Using Dividends for Income: Focus on Stocks

Tina Haapala |

By Gary Silverman, CFP®

Last week we began to look at how people might go about living off the income from their portfolios without touching their principal. This is a common request of people who come into my office. They see it as a safe way to invest.

In our last installment we examined using bonds and other fixed-income investments for this purpose. Two problems arose. The first was that bonds just don’t pay all that much income making it difficult for many people to support their retirement spending needs from the interest. The other problem was that bond portfolios tend not to grow…after all, their job is to give you income. So this week we’ll look at stocks because we expect them to grow.

To live off the income of your stock portfolio you’ll need your stocks to produce income. Not all stocks do this. Younger or rapidly growing companies use excess profits to reinvest in the company to help them grow. More mature companies who have more profits than growth possibilities return those excess profits to their owners. That’s you if you own the stock; these are called dividends.

There are many differences between dividends that stocks give out and interest that bonds produce, but I’ll only go through a few here. First, if you hold the stock for several months or longer (check with your tax preparer for the exact rules) the dividends are taxed at a lower rate than the rest of your income. In that way 2% of dividends ends up giving you more money to spend than 2% of interest from a taxable account (if the investments are inside an IRA they are taxed the same at your tax bracket when you withdraw the funds). The other good thing is that unlike a bond whose interest is (usually) fixed, a company can increase dividends across time as they themselves grow and produce more profits.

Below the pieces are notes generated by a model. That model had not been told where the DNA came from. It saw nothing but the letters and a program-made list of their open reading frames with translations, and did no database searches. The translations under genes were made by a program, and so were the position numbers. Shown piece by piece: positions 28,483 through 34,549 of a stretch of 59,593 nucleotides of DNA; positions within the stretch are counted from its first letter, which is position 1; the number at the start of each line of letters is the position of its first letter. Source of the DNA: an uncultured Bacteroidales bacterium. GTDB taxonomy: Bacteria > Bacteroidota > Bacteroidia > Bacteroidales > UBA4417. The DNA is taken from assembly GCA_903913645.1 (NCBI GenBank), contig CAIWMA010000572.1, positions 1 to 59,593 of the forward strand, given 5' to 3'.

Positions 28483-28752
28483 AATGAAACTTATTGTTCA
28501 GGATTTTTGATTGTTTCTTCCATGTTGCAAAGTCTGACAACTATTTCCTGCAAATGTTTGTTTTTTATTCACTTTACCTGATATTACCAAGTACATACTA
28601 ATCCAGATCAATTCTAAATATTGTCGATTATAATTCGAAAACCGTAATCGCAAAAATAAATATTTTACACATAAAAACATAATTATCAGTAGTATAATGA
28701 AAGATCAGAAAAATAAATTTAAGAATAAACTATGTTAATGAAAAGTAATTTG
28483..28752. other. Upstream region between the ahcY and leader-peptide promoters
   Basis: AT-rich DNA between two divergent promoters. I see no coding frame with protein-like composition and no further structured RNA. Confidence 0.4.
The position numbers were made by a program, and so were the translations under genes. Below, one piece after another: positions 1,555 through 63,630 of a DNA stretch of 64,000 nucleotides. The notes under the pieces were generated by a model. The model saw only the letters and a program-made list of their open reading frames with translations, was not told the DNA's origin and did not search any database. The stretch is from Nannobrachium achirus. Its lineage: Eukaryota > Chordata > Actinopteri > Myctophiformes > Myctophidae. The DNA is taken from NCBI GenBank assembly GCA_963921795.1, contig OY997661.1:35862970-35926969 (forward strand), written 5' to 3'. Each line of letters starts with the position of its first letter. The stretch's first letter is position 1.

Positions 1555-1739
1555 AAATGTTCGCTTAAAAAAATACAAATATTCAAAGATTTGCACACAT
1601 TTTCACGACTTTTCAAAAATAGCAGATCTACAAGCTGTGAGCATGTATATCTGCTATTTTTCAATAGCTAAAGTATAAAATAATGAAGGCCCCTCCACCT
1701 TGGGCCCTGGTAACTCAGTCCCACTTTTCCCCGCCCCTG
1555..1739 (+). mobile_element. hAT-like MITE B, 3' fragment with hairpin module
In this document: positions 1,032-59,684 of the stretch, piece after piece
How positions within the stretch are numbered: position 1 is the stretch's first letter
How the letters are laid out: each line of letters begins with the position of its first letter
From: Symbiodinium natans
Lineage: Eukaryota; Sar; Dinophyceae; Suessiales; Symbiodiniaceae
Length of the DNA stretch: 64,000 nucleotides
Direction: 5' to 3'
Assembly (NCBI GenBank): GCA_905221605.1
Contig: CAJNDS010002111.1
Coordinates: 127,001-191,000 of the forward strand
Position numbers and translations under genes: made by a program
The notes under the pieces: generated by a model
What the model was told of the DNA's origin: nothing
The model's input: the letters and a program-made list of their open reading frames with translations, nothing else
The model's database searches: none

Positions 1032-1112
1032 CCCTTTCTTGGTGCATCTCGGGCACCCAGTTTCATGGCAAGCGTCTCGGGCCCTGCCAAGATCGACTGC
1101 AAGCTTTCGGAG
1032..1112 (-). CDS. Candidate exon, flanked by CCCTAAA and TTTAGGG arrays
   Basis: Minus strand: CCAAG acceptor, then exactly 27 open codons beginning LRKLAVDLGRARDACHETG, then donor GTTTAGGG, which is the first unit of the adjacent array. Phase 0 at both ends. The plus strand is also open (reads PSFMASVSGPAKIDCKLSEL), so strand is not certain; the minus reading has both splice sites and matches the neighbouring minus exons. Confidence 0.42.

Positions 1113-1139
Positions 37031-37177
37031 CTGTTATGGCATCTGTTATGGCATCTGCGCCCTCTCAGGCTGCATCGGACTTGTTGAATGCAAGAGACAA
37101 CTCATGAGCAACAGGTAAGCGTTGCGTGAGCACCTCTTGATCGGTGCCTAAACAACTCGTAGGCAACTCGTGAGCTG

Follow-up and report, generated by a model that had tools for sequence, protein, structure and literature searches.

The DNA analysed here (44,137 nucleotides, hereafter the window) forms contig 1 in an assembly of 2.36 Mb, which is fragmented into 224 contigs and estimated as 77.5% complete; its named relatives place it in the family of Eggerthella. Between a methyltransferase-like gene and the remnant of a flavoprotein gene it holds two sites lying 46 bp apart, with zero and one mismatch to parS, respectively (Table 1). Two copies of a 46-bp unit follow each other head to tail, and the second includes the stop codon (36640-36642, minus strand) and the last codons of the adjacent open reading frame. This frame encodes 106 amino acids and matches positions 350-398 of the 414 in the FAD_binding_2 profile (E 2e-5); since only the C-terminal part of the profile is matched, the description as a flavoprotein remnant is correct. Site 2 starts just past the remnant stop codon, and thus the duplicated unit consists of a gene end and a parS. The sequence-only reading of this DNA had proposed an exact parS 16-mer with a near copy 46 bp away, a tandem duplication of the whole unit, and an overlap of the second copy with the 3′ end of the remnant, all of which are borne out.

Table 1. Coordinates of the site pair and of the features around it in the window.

This dividend growth is a nice way to have your income rise across time as one of the problems with fixed income investments is their tendency to not grow as inflation balloons your expenses. However….

Just as dividends can grow, then can shrink or even stop. It is up to the company board to determine what is best for the company. If they are having a hard time of it, your dividend can disappear. And don’t think you can just go and sell that stock to buy another that still pays a dividend. If they are having trouble paying dividends you can be sure the price of the stock is down as well.

Another thing to realize is that stock dividends tend to be lower than interest paid from intermediate-term fixed-income securities. This means with interest rates so low, they are close to being the same, but those stocks that pay dividends tend to average about 2% even when interest rates are higher.

So far we’ve looked at issues in trying to produce what you need in retirement purely from interest and dividends. Next week we’ll wrap up this topic and answer the question: Are dividend paying stocks safer than those that don’t pay out?

Gary Silverman, CFP® is the founder of Personal Money Planning, LLC, a Wichita Falls retirement planning and investment management firm and author of Real World Investing